The first of these is that in planning a sermon series, I give extended time to prayer before charting out any series I will preach. Approaching that planning with focused prayer and fasting has enriched my preparation and planning. Sometimes I take a day or two to pray over what Scripture our church should delve into. Sometimes I have even had the opportunity to draw away for an entire week to plan out as much as a year of sermon series, integrating prayer throughout the planning.

I remember one particularly rich time when I was able to integrate fixed-hour prayer—morning, noon, and evening—as part of my listening to the voice of God in Scripture as I prepared a sermon series. This has helped me to remember that sermon planning is not just about my creativity or “great ideas,” but, as with Samuel at the beginning of his life with God, that my heart posture should be: “Speak, Lord, for your servant is listening” (1 Sam. 3:10).

Our preparation for preaching does not need to be a solitary journey, however, but can also be an experience of community for us as preachers, even in prayer. Every week, I dedicate my Thursdays as a study day to develop my sermons. At the beginning of my study day, I invite a small prayer support team to pray for me during my sermon preparation. I also do something which may seem a little strange. I post a simple request on social media, requesting that whoever sees it to pray for me as I prepare my message. It has been a wonderful experience to hear that people are praying for me from within my congregation, as well as friends in other spheres of life and pastors of other churches. I have enjoyed the opportunity to return the favor when others request prayer for a sermon, speaking engagement, or writing project.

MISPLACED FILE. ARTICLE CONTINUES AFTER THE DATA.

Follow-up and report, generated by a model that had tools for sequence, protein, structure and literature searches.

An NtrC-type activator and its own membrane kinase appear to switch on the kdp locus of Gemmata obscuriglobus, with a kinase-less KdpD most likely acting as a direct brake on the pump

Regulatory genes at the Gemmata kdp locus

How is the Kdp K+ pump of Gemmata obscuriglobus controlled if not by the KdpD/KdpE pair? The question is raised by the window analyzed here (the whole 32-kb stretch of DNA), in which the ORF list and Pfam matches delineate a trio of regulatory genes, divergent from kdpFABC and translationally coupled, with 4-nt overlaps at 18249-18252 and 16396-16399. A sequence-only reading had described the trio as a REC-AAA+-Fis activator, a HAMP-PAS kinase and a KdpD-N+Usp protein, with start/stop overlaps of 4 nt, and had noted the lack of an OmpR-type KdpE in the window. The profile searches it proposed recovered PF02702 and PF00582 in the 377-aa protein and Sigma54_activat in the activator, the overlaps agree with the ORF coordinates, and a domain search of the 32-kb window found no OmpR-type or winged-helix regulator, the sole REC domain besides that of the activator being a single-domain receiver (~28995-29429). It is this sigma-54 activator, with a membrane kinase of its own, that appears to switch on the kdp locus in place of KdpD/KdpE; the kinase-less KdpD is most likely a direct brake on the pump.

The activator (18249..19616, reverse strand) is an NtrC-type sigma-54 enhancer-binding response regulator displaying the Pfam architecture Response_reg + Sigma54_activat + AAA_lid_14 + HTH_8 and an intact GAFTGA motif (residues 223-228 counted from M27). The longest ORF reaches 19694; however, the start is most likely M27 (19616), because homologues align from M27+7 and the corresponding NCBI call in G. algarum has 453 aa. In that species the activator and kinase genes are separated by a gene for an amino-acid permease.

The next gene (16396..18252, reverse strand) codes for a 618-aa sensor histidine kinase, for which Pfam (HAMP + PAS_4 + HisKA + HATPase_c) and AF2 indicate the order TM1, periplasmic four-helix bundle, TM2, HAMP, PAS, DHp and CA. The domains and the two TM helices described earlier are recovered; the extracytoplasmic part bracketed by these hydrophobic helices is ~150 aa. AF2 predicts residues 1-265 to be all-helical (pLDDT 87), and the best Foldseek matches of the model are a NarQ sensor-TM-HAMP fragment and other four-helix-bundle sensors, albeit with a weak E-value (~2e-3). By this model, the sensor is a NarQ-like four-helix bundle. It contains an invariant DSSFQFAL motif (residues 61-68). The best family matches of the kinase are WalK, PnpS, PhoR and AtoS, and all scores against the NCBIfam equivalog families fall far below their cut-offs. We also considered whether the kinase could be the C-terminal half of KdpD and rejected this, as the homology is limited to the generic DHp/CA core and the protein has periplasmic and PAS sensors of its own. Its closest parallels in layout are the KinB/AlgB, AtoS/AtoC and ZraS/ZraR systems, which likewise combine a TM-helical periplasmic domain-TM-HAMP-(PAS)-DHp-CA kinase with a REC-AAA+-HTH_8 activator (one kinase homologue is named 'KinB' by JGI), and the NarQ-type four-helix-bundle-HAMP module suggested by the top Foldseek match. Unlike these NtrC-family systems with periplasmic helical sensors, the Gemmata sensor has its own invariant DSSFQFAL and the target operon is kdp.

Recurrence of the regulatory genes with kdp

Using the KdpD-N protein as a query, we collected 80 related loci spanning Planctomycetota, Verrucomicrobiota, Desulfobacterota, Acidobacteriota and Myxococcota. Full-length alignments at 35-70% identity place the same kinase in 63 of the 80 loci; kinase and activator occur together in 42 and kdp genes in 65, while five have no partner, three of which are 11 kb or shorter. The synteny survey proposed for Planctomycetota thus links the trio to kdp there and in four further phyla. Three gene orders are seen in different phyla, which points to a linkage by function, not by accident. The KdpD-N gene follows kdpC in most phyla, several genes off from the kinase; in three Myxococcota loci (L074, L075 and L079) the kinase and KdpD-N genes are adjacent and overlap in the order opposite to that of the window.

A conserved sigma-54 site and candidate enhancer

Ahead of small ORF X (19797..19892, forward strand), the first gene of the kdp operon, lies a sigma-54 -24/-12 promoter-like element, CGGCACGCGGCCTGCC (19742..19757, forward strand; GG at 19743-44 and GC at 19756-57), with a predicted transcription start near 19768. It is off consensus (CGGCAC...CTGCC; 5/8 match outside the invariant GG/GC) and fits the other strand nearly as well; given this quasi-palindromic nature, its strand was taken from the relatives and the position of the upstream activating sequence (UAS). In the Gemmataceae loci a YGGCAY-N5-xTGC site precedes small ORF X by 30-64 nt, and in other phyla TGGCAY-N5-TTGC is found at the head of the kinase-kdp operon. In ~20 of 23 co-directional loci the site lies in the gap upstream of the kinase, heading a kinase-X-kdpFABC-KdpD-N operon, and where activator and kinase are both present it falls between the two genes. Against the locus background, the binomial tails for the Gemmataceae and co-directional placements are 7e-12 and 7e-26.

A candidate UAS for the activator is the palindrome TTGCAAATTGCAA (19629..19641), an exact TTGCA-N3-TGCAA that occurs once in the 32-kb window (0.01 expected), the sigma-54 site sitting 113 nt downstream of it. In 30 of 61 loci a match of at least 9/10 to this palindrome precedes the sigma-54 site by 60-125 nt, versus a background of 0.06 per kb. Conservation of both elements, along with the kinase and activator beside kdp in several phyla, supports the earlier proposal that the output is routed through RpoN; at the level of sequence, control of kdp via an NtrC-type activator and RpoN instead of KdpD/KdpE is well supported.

This practice reminds me that I am part of a great cloud of witnesses (Heb. 12:1), and that we journey together as the community of God in ministry. In this way, preparing to preach in prayer becomes a focused encounter in hearing from God, as well as a joyful journey with others.